Caroselli, Beachler & Coleman, L.L.C.

40-year study links traumatic brain injury with early death

Harm to the brain may be more deadly than many Pittsburgh residents realize. The Centers for Disease Control and Prevention estimates traumatic brain injury is a factor in over 30 percent of all deaths by injury. Each year, about 1.7 million TBIs occur in the U.S., with 75 percent diagnosed as mild or concussive incidents.

Oxford University researchers followed the lives and deaths more than 218,000 Swedish TBI patients over 40 years, starting in 1969. The results were published this month in JAMA Psychiatry.

The patients' ages of death were compared to their siblings and the overall population. TBI patients also were divided into those who were and were not diagnosed with psychiatric conditions, before suffering a traumatic brain injury.

Researchers found patients with TBIs died prematurely - before age 56 - three times more often than people who never had TBI. When a psychiatric disorder was in the patient's history, the difference was even more startling. The premature death rate was 20 times higher for psychiatric TBI patients than patients without brain injury histories.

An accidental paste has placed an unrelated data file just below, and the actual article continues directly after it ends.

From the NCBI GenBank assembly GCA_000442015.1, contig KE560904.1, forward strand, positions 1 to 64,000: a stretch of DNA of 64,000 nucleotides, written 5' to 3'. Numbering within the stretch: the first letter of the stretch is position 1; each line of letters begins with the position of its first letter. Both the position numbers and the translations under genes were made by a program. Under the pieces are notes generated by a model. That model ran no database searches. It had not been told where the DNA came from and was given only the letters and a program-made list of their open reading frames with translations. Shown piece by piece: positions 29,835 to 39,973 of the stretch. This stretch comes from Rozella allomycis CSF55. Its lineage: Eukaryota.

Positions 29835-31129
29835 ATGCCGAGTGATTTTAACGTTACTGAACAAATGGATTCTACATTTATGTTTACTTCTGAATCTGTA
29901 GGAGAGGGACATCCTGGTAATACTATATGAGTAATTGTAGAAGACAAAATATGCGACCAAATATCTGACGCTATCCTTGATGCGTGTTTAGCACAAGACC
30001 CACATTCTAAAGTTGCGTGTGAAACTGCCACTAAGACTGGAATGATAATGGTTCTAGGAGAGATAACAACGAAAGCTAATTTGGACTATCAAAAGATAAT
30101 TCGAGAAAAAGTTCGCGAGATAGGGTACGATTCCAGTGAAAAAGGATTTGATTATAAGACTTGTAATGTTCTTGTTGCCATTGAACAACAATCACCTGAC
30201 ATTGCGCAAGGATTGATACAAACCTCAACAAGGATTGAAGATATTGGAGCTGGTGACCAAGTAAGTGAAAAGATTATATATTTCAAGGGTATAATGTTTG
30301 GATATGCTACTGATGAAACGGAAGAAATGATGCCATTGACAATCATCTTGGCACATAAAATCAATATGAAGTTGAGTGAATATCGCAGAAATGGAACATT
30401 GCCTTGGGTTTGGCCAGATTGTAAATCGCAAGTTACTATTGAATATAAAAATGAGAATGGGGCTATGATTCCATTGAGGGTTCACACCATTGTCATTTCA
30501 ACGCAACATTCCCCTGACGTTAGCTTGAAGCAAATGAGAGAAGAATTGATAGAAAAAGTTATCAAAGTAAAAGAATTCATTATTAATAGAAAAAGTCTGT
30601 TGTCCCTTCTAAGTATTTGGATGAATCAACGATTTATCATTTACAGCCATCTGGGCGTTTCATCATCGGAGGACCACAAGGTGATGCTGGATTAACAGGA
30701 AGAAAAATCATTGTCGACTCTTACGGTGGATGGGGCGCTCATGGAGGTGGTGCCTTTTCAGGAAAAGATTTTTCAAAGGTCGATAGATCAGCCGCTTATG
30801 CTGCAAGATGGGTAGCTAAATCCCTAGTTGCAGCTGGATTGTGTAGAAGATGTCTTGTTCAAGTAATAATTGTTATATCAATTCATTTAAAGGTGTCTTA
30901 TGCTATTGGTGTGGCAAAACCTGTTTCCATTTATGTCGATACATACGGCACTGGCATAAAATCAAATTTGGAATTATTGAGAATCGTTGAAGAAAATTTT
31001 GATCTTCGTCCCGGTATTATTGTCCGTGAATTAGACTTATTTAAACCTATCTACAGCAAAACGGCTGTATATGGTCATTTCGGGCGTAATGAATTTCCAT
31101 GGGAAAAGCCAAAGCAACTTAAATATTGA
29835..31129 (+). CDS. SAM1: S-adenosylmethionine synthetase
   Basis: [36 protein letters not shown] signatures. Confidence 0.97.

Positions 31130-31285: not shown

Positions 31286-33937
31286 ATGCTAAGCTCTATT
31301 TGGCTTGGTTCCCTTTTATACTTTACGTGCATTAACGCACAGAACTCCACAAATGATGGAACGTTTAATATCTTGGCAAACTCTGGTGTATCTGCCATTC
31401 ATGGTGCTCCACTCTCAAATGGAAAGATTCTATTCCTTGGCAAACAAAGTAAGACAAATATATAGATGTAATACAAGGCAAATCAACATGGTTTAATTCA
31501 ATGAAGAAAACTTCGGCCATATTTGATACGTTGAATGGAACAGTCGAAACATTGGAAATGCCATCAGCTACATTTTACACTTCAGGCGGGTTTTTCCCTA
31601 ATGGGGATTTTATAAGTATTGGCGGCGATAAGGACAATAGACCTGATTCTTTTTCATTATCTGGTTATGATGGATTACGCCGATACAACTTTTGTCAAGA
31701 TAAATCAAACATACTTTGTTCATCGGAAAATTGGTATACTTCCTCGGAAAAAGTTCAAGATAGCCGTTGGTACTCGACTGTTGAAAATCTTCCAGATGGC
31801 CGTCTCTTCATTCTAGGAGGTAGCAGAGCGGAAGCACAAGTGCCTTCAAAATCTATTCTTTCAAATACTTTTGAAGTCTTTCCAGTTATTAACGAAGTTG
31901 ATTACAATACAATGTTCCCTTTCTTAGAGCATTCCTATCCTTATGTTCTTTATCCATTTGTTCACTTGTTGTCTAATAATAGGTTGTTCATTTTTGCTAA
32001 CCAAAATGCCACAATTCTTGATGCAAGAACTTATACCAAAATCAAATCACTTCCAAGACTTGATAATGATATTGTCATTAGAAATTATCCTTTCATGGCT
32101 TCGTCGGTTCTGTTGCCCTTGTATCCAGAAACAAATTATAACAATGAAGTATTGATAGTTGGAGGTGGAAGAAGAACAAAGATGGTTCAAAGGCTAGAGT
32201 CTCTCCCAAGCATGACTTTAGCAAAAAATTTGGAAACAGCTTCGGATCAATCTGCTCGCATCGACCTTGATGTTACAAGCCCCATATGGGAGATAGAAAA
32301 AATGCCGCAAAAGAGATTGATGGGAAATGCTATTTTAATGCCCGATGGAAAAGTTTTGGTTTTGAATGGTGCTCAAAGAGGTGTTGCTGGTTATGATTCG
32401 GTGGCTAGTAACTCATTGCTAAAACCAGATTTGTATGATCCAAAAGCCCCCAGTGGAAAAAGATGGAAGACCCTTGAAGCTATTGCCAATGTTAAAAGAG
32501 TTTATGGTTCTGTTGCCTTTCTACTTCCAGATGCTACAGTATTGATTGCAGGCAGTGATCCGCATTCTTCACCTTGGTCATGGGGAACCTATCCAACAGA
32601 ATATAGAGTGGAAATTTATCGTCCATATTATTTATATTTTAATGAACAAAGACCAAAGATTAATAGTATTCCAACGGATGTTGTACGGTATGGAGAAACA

Among siblings, TBI patients died prematurely 2.6 times more often than their brothers or sisters with no TBIs. Siblings were compared to reduce chances the brain injury patients were predisposed genetically to early deaths.

The study noted TBI sufferers who died before age 56 died more often by violence, including suicide, than the groups to which they were compared. Researchers think the violent deaths indicate brain injuries interfere with TBI patients' mental health.

The new research seems to support other studies that have connected suicides among soldiers with brain injuries suffered in war zone blasts. Mood swings, aggression and depression are also linked to chronic traumatic encephalopathy, a disease prevalent among TBI sufferers.

Victims of TBI injuries, professional athletes among them, have taken legal action against employers who've ignored the seriousness of concussions and risked employees' health and safety.

Source: CBS News, "Traumatic brain injury triples risk for early death, study says" Michelle Castillo, Jan. 16, 2014

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